Drones keep strutting their stuff when it comes to commercial applications, with more news this week about drones helping maintain and repair oil and gas industry infrastructure.
The Apple Watch may soon be able to automatically adjust the volume of iPhone alerts based on the sounds the Watch picks up on its microphone, according to a patent application the U.S. Patent and Trademark Office published Thursday.
Google has received a U.S. patent for an autonomous delivery vehicle, RCR Wireless reported Wednesday.
Cisco's Talos Group has identified security vulnerabilities in commercial smart thermostats made by Trane that could enable an attacker to gain access to the entire network through the vulnerable devices.
There will be continued broad commercial applications for drone technology, not just air-based, but land- and sea-based systems as well, predicted Jon Rubin, a partner and head of the drone practice at investment bank Westbury Group.
The Internet of Things knows no geographic boundaries, as evidenced by the alliance announced Monday between India's HCL Technologies and Microsoft to launch an IoT incubation center in Redmond.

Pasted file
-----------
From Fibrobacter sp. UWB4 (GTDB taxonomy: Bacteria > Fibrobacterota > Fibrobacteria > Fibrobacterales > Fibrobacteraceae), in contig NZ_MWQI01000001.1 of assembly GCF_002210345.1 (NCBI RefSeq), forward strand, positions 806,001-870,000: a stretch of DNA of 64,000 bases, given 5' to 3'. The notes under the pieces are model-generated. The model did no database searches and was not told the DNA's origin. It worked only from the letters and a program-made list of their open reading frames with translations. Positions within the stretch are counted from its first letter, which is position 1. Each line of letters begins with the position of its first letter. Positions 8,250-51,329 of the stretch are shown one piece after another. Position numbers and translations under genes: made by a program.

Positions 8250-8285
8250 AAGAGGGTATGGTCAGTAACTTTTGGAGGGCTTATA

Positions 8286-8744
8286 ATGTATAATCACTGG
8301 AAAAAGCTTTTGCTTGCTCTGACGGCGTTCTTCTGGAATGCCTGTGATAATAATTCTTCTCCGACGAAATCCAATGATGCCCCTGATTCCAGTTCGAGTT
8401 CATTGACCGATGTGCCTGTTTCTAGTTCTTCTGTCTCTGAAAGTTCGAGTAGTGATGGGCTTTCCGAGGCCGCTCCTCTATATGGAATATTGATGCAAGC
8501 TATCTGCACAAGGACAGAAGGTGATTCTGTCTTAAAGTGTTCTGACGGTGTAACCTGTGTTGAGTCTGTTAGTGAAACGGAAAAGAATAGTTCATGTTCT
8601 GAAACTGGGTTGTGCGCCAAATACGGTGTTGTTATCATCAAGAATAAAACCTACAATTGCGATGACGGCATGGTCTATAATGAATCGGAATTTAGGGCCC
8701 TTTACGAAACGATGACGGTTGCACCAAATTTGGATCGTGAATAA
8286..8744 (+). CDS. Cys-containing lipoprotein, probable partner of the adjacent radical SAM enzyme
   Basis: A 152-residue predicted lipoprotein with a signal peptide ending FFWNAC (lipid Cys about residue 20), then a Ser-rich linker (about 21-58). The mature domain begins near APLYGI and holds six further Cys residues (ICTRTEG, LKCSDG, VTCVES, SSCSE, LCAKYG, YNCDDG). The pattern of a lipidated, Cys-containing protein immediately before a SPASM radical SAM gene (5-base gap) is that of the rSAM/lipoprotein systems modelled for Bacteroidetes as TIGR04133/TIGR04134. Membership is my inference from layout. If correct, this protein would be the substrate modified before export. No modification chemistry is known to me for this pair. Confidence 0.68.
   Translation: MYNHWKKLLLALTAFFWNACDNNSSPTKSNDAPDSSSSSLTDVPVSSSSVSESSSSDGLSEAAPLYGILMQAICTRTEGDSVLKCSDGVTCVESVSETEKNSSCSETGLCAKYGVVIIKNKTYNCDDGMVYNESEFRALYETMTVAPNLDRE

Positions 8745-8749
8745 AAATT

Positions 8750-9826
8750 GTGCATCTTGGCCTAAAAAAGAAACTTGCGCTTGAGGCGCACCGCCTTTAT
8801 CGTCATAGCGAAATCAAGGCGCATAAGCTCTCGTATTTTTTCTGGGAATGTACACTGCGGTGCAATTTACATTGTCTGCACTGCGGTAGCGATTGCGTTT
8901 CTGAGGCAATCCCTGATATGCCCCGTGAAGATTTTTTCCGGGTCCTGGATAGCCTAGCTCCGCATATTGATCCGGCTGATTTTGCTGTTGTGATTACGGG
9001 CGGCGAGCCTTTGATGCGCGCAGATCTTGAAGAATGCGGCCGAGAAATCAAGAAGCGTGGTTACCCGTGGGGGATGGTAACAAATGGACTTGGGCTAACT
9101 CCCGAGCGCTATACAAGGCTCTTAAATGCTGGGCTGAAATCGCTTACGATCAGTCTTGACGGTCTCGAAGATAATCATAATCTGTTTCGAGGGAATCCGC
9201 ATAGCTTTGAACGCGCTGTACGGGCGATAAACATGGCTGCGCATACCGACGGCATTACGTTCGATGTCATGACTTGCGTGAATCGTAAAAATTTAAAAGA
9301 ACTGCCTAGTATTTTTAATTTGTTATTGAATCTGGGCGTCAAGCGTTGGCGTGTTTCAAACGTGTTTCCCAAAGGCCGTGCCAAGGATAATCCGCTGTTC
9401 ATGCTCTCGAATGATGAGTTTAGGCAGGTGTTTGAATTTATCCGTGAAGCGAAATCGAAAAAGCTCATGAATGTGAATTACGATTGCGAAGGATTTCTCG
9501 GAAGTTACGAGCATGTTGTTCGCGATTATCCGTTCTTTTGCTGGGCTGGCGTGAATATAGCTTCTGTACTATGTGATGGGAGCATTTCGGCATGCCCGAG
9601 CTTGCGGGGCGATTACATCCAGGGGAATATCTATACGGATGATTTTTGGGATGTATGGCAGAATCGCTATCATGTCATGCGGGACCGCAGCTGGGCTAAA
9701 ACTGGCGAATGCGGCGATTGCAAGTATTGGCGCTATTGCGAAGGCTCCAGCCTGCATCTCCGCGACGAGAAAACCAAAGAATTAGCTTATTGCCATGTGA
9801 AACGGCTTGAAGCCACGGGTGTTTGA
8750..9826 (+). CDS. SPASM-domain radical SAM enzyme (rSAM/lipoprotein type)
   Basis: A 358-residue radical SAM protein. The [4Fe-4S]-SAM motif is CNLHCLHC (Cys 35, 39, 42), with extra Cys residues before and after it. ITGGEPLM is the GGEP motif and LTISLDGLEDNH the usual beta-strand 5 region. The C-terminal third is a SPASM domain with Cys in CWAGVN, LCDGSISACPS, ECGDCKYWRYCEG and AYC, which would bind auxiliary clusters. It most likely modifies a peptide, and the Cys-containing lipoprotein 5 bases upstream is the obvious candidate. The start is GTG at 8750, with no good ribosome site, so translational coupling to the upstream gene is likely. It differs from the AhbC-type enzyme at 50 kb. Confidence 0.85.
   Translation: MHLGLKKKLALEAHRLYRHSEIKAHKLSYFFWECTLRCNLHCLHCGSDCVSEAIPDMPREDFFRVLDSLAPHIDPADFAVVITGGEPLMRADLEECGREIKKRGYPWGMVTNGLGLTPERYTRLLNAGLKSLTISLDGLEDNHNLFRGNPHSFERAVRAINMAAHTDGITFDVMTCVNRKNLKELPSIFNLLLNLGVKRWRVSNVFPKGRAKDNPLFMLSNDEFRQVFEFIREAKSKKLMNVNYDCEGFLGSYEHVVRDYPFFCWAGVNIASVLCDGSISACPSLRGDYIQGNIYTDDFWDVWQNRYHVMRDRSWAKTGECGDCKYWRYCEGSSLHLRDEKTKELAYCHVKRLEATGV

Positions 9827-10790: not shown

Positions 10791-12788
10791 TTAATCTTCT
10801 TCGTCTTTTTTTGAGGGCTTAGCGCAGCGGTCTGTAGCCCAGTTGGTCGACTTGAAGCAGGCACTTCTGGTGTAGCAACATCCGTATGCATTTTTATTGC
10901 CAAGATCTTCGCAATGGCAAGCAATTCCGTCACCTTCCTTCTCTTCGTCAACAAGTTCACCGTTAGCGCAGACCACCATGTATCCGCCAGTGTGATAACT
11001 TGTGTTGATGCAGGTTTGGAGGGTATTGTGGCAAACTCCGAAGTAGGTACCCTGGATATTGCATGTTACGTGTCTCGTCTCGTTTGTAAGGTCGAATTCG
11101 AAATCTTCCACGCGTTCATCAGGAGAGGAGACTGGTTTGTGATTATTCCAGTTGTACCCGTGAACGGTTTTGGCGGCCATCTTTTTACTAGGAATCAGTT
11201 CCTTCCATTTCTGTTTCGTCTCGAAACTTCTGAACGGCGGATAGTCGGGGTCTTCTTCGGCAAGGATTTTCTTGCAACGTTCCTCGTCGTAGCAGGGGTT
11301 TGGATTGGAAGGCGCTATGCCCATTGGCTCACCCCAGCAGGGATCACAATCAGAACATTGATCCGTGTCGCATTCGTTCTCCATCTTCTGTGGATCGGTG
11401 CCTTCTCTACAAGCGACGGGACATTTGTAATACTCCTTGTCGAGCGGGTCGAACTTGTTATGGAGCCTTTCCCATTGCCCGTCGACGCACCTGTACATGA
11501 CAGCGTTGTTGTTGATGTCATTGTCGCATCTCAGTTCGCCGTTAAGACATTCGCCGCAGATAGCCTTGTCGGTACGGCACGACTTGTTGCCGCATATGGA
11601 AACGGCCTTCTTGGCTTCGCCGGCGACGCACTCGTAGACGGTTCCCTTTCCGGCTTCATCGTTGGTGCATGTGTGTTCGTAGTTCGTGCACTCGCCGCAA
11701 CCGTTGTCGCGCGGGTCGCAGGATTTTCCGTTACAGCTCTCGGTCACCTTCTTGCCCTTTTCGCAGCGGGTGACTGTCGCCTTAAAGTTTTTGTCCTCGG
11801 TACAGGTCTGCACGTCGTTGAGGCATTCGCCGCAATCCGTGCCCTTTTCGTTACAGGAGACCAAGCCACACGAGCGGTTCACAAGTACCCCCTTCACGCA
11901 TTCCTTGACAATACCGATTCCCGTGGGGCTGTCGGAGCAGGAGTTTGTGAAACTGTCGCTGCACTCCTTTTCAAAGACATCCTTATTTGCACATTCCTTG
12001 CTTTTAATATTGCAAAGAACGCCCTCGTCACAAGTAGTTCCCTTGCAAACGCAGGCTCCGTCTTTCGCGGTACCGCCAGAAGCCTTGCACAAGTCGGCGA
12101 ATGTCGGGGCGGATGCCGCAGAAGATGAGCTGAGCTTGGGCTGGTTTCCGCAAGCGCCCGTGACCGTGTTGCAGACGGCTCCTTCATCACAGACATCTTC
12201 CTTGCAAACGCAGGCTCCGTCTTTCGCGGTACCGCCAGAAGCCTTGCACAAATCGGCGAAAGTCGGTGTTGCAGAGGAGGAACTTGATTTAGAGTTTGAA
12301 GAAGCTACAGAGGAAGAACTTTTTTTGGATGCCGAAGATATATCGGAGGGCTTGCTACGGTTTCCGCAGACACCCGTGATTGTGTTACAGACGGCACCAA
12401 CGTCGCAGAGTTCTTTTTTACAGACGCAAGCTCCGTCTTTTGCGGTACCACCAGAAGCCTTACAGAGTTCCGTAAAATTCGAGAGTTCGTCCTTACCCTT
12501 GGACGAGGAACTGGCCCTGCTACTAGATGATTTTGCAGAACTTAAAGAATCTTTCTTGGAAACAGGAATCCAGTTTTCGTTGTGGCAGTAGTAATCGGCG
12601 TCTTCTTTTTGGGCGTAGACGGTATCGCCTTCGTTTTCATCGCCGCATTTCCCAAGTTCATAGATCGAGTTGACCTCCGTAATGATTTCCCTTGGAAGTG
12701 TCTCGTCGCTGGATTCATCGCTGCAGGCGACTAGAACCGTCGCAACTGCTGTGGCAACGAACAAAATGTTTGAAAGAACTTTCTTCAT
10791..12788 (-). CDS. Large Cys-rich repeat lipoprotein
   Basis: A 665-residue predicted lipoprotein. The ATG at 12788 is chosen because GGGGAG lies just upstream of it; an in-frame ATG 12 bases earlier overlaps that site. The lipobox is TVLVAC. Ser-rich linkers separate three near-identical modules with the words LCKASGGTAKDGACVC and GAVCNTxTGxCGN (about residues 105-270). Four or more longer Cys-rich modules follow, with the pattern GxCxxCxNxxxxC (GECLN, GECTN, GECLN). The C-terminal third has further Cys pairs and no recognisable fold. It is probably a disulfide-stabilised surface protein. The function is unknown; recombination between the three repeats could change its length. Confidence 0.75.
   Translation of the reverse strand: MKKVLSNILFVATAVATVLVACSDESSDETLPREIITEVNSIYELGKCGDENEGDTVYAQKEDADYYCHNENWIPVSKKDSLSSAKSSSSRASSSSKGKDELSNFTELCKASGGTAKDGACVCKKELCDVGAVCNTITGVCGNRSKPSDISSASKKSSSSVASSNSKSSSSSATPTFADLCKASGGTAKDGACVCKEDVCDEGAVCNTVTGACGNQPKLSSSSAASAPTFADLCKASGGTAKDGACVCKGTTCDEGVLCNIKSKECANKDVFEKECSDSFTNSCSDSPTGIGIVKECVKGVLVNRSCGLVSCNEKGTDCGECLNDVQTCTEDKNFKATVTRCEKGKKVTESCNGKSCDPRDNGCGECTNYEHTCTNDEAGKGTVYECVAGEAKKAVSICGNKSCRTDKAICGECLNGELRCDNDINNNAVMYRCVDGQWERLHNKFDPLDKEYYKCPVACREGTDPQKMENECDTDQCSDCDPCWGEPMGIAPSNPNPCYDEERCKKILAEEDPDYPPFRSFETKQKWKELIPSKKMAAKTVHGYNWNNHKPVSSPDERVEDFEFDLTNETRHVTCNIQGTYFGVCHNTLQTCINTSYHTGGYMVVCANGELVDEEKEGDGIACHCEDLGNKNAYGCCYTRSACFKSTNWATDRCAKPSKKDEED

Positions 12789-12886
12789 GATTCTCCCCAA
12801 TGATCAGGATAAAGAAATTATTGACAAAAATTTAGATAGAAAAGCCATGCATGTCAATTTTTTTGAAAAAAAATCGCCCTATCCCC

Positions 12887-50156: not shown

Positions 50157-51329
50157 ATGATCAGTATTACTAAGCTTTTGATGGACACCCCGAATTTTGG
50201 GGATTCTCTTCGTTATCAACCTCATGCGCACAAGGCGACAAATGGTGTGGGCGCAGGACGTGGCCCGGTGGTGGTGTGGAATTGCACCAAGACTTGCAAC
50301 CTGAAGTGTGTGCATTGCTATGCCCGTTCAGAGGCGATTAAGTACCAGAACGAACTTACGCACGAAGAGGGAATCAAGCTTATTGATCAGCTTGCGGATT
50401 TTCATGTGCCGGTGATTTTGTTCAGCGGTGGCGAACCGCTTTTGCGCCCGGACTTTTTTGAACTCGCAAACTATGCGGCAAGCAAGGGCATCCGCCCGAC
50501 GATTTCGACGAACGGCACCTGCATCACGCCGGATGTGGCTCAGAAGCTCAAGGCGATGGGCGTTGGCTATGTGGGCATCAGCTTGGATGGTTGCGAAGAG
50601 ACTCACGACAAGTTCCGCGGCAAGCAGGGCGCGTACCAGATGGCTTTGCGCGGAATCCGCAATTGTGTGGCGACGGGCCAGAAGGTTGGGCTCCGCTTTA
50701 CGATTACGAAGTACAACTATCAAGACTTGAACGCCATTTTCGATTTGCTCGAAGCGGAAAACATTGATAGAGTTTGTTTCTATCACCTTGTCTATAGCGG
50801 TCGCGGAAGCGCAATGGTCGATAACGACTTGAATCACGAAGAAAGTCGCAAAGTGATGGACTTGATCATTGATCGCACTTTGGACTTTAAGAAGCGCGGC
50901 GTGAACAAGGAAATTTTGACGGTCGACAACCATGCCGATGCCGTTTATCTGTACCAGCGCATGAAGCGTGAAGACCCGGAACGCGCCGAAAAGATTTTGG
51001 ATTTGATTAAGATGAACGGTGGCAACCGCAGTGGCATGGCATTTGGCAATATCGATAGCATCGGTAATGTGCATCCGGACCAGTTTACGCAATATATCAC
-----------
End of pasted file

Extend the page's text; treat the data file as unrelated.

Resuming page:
EagleView Technology is working on an outdoor research lab aimed at drone research and flight training that will give researchers a chance to test drones in outdoor environments, which could bring a number of rapid strides in drone research and development, particularly for commercial applications.
Connected cars and autonomous vehicles are coming; it's just a matter of when and how. The technology is essentially viable, and now it's up to U.S. lawmakers, government agency officials and industry executives to come to an agreement on making these rolling mobile devices street legal.
Machine-to-machine mobile data connections are forecast by Cisco to represent 26.4 percent of mobile-connected devices in 2020, up from 7.7 percent last year, and to generate 6.7 percent of total mobile traffic, up from 2.7 percent last year.
Gone are the days of manually collecting data from each animal on the farm. The world of wearable technology for livestock is growing, and Modern Farmer recently outlined five wearable device that dairy farmers could attach to their cows to better track vital data like health, location and even the presence of predators that could harm them.